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What Are Triangular Numbers?

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I am a former maths teacher and owner of DoingMaths. I love writing about maths, its applications, and fun mathematical facts.

Learn about triangular numbers in this brief and easy-to-understand maths article.

Learn about triangular numbers in this brief and easy-to-understand maths article.

What Are Triangular Numbers?

The triangular numbers are a sequence of numbers created by arranging dots into equilateral triangles of increasing size. You can see from the diagram below that the first triangular number, 1, is formed from just one dot.

To get the second triangular number, 3, we add another row, this time containing two dots, underneath our original dot.

We then add a row of three dots to get the third triangular number 6.

We continue to do this, each time adding an extra row to the bottom of the triangle which contains one more dot than the previous row. This gives the sequence 1, 3, 6, 10, 15, 21, etc.

The First Six Triangular Numbers

The First Six Triangular Numbers

Describing Triangular Numbers Algebraically

We have seen how to construct the sequence of triangular numbers using a pictorial method, but now let's try to formalise this mathematically. We can see from what we have done so far, that the difference between one triangular number and the next increases by one each time.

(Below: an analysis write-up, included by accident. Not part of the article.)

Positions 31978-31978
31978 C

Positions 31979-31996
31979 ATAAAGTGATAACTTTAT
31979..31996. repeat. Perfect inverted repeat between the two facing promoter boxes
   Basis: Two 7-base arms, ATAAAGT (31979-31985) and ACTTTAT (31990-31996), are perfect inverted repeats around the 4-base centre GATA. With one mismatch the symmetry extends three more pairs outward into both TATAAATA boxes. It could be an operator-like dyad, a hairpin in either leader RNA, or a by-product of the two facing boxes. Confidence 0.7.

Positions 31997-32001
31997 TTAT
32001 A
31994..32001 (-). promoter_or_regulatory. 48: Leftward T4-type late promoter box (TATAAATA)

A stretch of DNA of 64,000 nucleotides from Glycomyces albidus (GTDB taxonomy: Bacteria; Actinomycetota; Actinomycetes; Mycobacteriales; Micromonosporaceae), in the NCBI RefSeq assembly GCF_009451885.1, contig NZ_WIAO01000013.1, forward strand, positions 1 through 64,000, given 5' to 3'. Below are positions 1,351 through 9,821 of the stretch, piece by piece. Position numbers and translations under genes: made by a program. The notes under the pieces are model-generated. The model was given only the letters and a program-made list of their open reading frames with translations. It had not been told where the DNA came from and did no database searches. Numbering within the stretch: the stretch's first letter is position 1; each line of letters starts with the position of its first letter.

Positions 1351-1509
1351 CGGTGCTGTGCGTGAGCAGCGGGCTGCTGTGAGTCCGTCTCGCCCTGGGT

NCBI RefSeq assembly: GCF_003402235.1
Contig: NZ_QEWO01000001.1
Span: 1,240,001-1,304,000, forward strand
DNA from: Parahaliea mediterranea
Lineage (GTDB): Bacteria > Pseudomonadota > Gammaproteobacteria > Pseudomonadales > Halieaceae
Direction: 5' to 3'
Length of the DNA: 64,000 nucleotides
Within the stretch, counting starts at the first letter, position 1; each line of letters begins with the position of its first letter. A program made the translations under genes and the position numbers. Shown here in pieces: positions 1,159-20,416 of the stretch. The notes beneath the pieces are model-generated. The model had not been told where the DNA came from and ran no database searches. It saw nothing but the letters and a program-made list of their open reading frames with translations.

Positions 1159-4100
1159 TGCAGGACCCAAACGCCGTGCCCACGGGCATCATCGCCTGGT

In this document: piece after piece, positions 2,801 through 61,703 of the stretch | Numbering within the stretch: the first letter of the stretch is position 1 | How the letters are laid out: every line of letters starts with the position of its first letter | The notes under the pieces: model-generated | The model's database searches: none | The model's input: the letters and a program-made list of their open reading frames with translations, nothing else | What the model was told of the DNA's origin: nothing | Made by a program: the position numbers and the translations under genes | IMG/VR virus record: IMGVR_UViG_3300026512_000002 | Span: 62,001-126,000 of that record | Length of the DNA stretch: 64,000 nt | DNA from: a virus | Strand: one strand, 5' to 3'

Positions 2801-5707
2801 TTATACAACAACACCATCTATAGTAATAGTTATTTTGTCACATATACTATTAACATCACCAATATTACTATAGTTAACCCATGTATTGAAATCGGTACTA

If we denote the first triangular number as T1, the second as T2, and so on so that the nth triangular number is Tn, and furthermore define the zero-th triangular number as 0, we get that:

T0 = 0

T1 = T0 + 1 = 1

T2 = T1 + 2 = 3

T3 = T2 + 3 = 6

T4 = T3 + 4 = 10

and so on.

We therefore get that any triangular number is the sum of all of the positive integers up to and including its term number i.e. Tn = 1 + 2 + 3 + 4 + ... + n.

In sum notation, this can be expressed as in the following picture.

Summation Formula for the Triangular Numbers

Summation Formula for the Triangular Numbers

How to Calculate the nth Triangular Number

We know that Tn = 1 + 2 + 3 + … + n.

If we rewrite Tn but with the sum in reverse we get that Tn = n + n−1 + n−2 + … + 2 + 1

Adding these two lines together we get that:

Tn + Tn = (n + 1) + (n − 1 + 2) + (n − 2 + 3) + … + (n + 1)

2Tn = (n + 1) + (n + 1) + (n + 1) + … + (n + 1)

As there are n terms in this series we then get:

2Tn = n × (n + 1)

Tn = n × (n + 1) / 2

Using this formula we can quickly calculate any term in the series.

E.g. T50 = 50 × 51 / 2 = 1275

T1000 = 1000 × 1001 / 2 = 500 500

Perhaps surprisingly, there is a very simple link between the triangular numbers and the square numbers. Firstly let's think about this pictorially.

If we align our triangles to the side, creating right-angled triangles instead of equilaterals, we can then take two consecutive triangles and by rotating one through 180°, put them together to make a square. This can be seen in the picture below where we have taken the 3rd triangular number (in red) and the 4th triangular number (in blue). By adding them together we get a square of size 4 × 4 = 16.